Lord Hay of Ballyore has expressed frustration at Tesco’s decision not to proceed with the proposed redevelopment of the Lisnagelvin Shopping Centre, which he says is no longer fit for purpose.
The one-time Londonderry DUP Alderman said there had been a widespread expectation that the proposed £40m investment in a new Tesco Extra store in the heart of the Waterside would create 200 new jobs, boost the local economy, and iron out traffic issues in the Woodburn area.
He also questioned Tesco’s statement that it had made the decision not to proceed when its proposals for a superstore on the Buncrana Road were finally knocked back at a planning appeals hearing in 2013.
“I worked with Tesco for six or seven years to try and get planning permission for this major revamp over the line,” said Lord Hay. “Now they are saying that they told us in 2013 that the development would not be going ahead. I can certainly say that no-one told me.”
Back in 2010 Tesco concept plans for Londonderry promised a brand new Lisnagelvin Shopping Centre and a state-of-the-art new build on the Buncrana Road to complement its Strand Road outlet.
The company established its own website to promote the Lisnagelvin redevelopment and petitions were mobilised in support of the redevelopment.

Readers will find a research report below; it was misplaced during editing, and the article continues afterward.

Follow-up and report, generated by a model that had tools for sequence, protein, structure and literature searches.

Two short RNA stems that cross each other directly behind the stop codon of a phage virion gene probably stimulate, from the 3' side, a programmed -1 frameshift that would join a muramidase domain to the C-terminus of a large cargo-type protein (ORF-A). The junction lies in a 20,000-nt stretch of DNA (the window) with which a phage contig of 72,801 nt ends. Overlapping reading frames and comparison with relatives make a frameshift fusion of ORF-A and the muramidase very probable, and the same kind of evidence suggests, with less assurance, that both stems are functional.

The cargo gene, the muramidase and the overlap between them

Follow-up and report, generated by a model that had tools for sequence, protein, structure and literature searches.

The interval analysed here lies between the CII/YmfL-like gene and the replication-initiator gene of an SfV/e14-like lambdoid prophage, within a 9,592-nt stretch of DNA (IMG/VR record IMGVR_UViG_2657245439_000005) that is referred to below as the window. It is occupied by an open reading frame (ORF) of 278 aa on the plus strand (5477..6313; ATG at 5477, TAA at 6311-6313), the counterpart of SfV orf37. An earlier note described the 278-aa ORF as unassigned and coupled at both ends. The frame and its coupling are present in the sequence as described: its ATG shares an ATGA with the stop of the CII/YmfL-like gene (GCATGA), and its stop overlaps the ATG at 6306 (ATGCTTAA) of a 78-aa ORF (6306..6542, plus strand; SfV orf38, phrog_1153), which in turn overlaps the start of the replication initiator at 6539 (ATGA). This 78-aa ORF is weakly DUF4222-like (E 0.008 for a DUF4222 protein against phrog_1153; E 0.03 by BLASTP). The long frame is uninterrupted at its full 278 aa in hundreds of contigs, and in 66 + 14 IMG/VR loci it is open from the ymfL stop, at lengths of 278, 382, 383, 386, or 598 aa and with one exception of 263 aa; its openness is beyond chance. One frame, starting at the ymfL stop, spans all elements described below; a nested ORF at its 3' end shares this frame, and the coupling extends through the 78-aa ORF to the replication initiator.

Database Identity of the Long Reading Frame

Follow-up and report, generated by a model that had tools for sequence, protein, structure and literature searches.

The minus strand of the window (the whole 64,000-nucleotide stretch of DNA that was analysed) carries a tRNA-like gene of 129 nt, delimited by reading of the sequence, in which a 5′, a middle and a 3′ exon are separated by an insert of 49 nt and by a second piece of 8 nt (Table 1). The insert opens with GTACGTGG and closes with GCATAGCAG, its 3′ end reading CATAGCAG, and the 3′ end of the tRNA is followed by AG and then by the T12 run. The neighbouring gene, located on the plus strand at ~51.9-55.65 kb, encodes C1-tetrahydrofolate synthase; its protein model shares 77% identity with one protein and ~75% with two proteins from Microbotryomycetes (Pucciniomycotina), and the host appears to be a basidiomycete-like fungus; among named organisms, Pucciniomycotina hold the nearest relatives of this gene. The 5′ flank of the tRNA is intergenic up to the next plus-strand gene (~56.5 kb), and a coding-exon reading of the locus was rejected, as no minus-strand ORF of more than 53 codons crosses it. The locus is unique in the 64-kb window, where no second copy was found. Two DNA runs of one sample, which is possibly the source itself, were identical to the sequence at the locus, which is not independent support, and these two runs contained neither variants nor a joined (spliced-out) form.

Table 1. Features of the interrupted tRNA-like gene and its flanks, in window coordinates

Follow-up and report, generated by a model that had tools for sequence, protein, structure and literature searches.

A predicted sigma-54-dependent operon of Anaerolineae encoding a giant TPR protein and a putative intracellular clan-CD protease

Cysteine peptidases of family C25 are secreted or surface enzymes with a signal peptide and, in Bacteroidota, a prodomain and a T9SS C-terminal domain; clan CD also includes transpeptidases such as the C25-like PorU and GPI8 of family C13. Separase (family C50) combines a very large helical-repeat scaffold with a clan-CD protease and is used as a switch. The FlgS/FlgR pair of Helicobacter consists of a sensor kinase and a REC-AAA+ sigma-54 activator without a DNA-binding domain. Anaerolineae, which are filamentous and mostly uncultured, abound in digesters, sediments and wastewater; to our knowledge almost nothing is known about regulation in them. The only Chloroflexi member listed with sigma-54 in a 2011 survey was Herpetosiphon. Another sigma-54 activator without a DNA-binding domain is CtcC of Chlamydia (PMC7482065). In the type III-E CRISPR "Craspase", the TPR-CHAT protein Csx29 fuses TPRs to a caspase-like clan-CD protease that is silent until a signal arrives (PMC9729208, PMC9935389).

Lord Hay said: “This would have meant a £40m investment and would have generated hundreds of jobs part-time and full-time for the local area and I have to say it’s very disappointing to learn it won’t be going ahead.”
He said he believed the decision not to proceed may be linked to the supermarket giant’s group-wide retrenchment in light of disappointing financial results.
“This has more to do with the current plight at Tesco,” he said.
However, Tesco said the decision not to proceed had been made over a year ago.
“We publicly announced that we would not be proceeding with a new store at Lisnagelvin in 2013 at the Buncrana Road appeals. We’re sorry to anyone who is disappointed by this decision and will continue to work hard to provide the best possible service to the local community from our existing store,” a spokesperson told the Sentinel.
Notwithstanding the decision not to proceed Lord Hay insisted the company needs to resolve traffic issues at the existing centre.
“The current centre is not fit for purpose. There are all sorts of road traffic management and car parking issues, particularly for people living in the Woodburn area, it is atrociously bad. There’s huge congestion,” he said.
A Tesco spokesperson told the Sentinel the company would be happy to meet Lord Hay to discuss these matters.